If there's one thing that can be said about Representative Greg Lewis, it's that he is willing to sit down and listen to his constituents. The Stafford County farmer and rancher has served the people of the 113th District of the Kansas House of Representatives since 2015. His district includes Pratt and Stafford counties, as […]

If there's one thing that can be said about Representative Greg Lewis, it's that he is willing to sit down and listen to his constituents.
The Stafford County farmer and rancher has served the people of the 113th District of the Kansas House of Representatives since 2015. His district includes Pratt and Stafford counties, as well as portions of Barton, Pawnee and Rice counties.
Representative Lewis said that he is running again to make sure the state moves forward with progress made over the past few years. 'We are starting to right our fiscal ship, starting to fund infrastructure. I don't want to lose the ground we have gained,' he said. He added, 'I'm not looking to go up the political ladder. I do this out of service.'
Greg listed three important priorities for the next legislative session, including the school finance bill, broadband Internet access and Medicaid expansion.
He said that the courts have required that the legislature includes a cost of living adjustment within the school finance bill. Also, the courts have underscored to the legislature that funding must be adequate and equitable. He explained this by stating that 'students in Kansas City should have the same amount of educational advantage as those living in Pratt and Dodge City.' He sees a proposed constitutional amendment to place total control of school finance with the legislature as problematic. 'If we [the legislature] had total control, we'd still be starving schools,' he said.
Broadband access is a critical part of Kansas' future, Greg said. 'Broadband access is comparable to what rural electrification was many years ago. We cannot have economic growth unless we have broadband available,' he said.
Another important issue will be Medicaid expansion. 'So far, the state has passed on $2.9 billion from the federal government. Those are Kansas tax dollars. We paid into that,' he said. He noted that 'hospitals in states without Medicaid expansion are six times more likely to close' than those who have opted out of this. He added that all of the hospitals in the 113th District want this. He cited one estimate that 150,000 Kansans would become eligible for this insurance once the legislature approves and the governor signs off on Medicaid expansion.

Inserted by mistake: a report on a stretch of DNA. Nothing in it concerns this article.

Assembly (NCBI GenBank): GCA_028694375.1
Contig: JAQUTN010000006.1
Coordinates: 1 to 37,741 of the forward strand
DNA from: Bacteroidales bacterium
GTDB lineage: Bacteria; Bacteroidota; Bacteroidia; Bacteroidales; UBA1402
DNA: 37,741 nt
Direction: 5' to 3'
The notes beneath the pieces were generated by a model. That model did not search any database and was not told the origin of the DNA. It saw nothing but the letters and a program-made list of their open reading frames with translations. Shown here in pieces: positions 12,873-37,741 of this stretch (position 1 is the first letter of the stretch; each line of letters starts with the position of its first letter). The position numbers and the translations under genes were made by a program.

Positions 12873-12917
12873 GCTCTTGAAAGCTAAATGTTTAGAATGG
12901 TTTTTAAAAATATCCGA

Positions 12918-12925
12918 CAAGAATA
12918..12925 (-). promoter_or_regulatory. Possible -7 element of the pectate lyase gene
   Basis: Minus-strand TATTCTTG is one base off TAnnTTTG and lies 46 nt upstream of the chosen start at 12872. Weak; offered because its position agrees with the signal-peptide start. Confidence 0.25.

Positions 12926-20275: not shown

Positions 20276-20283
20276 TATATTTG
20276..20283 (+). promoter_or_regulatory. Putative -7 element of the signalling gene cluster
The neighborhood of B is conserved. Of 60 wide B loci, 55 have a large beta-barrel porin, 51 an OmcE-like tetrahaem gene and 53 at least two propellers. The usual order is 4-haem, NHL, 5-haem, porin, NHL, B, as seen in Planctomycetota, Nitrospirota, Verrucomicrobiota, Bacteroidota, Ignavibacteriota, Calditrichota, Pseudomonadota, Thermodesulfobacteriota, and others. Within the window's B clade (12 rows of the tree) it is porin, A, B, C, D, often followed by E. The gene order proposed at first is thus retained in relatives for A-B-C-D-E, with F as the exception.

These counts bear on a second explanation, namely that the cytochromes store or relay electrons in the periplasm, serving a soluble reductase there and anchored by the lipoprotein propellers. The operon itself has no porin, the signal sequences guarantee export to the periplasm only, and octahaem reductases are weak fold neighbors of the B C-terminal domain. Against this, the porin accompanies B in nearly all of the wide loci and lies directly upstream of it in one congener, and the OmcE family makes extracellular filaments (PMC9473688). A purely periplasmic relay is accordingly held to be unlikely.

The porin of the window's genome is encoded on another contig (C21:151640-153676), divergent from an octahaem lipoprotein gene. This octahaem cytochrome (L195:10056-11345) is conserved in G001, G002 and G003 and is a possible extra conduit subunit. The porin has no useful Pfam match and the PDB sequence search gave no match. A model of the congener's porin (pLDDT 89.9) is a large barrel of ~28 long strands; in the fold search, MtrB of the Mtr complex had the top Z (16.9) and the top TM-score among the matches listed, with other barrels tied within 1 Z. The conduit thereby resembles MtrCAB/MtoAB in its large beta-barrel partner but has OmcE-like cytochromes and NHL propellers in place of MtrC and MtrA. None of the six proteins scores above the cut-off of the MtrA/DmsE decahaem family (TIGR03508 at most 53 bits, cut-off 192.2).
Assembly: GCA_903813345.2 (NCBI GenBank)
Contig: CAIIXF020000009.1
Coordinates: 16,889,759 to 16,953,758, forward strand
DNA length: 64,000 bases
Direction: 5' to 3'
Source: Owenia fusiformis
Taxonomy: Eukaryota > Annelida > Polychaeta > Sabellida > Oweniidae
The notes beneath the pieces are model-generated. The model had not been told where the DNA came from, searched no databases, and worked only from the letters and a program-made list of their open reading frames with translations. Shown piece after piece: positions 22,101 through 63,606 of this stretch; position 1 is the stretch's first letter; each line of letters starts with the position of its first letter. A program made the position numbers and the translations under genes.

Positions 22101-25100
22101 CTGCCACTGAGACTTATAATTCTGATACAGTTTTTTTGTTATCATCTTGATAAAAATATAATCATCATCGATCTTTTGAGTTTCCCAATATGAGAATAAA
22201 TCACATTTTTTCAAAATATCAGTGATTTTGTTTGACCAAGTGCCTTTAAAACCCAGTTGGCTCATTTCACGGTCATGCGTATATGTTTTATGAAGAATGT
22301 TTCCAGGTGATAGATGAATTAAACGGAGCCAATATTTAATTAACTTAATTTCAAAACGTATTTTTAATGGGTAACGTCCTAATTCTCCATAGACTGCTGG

Another important issue, he said, will be fully funding the Kansas Department of Transportation. 'We're still sweeping a lot of money from KDOT,' he noted.
One potential future source of funding for the state would be to set up a mechanism for collecting Internet sales tax. 'This is not a new tax,' the state representative said. 'You're supposed to be self-reporting this. There are businesses outside of our state that are benefiting from this [not being collected]. We will be able to level the playing field for our businesses on Main Street by doing this. We'll have to do some legislation to get this in place.' For those who support eliminating the sales tax on food, Greg said that this could be one step in the process: 'I'm thinking that we can buy down our food sales tax with Internet sales tax revenues,' he said.
Currently, however, the outlook is positive for funding state government. 'Ever since we got out of session, each month our numbers have been running ahead of estimates,' he said.
One local service that our representative will continue to support is the Pratt Achievement Place. Currently, Pratt has the only Youth Residential Center in the State of Kansas, and Greg was a strong advocate for its continued operation. 'Some of the homes are just too broken to send those offenders back into. I believe that [Pratt Achievement Place] serves an important purpose,' he said.
With the General Election happening in just over a week, Representative Lewis offers this word of caution to voters: 'I think at this point the candidates have been very upfront about how they want to lead. Be smart. Vote wisely.'